The Islamic State group claimed responsibility Tuesday for a suicide bombing at a packed Manchester pop concert, killing at least 22 people including an eight-year-old girl in Britain’s deadliest terror attack for more than a decade.
Prime Minister Theresa May said the police knew the identity of the bomber, who died in the blast late Monday, saying he intended to cause “maximum carnage”.
She said he is believed to have acted alone, but police arrested a 23-year-old man on Tuesday morning in connection with the attack, which occurred just over two weeks before Britain holds a general election.
“One of the caliphate’s soldiers placed bombs among the crowds,” the IS group said in a statement published on its social media channels, and threatened more attacks.
Screaming fans, many of them teenagers, fled the venue in panic after the explosion at the end of the concert by US star Ariana Grande in the 21,000-capacity Manchester Arena, in northwestern England.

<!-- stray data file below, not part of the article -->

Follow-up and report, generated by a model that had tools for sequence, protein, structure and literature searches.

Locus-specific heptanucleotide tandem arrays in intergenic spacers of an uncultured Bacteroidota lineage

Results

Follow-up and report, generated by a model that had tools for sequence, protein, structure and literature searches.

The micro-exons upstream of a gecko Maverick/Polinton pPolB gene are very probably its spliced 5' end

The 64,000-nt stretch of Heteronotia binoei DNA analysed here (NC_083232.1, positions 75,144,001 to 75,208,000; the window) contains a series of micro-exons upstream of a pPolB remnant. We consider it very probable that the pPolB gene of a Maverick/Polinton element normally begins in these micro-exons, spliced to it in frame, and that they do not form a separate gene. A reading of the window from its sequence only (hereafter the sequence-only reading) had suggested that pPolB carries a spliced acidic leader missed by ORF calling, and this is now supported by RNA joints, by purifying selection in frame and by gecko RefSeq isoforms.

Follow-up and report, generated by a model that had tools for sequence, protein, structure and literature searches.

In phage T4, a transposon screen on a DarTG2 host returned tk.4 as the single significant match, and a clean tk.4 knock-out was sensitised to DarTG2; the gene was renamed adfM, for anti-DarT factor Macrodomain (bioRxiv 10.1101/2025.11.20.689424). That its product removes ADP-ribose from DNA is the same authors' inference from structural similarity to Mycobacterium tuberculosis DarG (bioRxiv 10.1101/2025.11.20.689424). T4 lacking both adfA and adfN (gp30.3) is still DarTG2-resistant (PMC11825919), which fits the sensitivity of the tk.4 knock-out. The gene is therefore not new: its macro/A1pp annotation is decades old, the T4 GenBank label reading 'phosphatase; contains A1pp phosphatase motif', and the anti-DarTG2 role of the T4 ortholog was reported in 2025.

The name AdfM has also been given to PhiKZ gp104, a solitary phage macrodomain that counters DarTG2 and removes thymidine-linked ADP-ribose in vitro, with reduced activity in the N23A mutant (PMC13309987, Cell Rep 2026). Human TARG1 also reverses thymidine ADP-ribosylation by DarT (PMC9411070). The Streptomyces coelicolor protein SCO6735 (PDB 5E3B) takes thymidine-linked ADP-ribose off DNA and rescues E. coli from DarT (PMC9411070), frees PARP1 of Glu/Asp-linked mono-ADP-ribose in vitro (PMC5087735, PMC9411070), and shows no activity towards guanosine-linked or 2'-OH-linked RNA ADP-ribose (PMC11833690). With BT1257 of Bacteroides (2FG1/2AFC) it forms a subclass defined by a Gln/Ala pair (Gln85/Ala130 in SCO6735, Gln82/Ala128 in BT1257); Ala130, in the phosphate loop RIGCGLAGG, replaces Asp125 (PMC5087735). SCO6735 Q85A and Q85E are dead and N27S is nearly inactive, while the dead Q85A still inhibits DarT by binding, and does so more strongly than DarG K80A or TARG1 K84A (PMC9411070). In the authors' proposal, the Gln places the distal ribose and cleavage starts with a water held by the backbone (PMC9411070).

“A single terrorist detonated his improvised explosive device near one of the exits of the venue, deliberately choosing the time and place to cause maximum carnage and to kill and injure indiscriminately,” May said after an emergency ministerial meeting.
Eight-year-old Saffie Rose Roussos and a teenager, Georgina Callander, were among the first of the 22 victims to be confirmed.
Another 59 people were wounded, many with life-threatening conditions.
“We know that among those killed and injured were many children and young people,” the prime minister added.
Police said the blast occurred in the foyer of the indoor arena, a covered area which links the auditorium to Victoria Station, a train and tram hub.
Witnesses reported seeing bodies on the floor after the blast around 10:30pm (2130 GMT) on Monday, and some fans were trampled as panicked crowds tried to flee the venue.
“There were fathers carrying their little girls in tears. People were pushing down the stairs. It was just… chaos,” Sebastian Diaz, a 19-year-old from Newcastle, told
Families were separated, with dozens of young people taken to nearby hotels overnight, and some parents were still desperately searching for their children on Tuesday.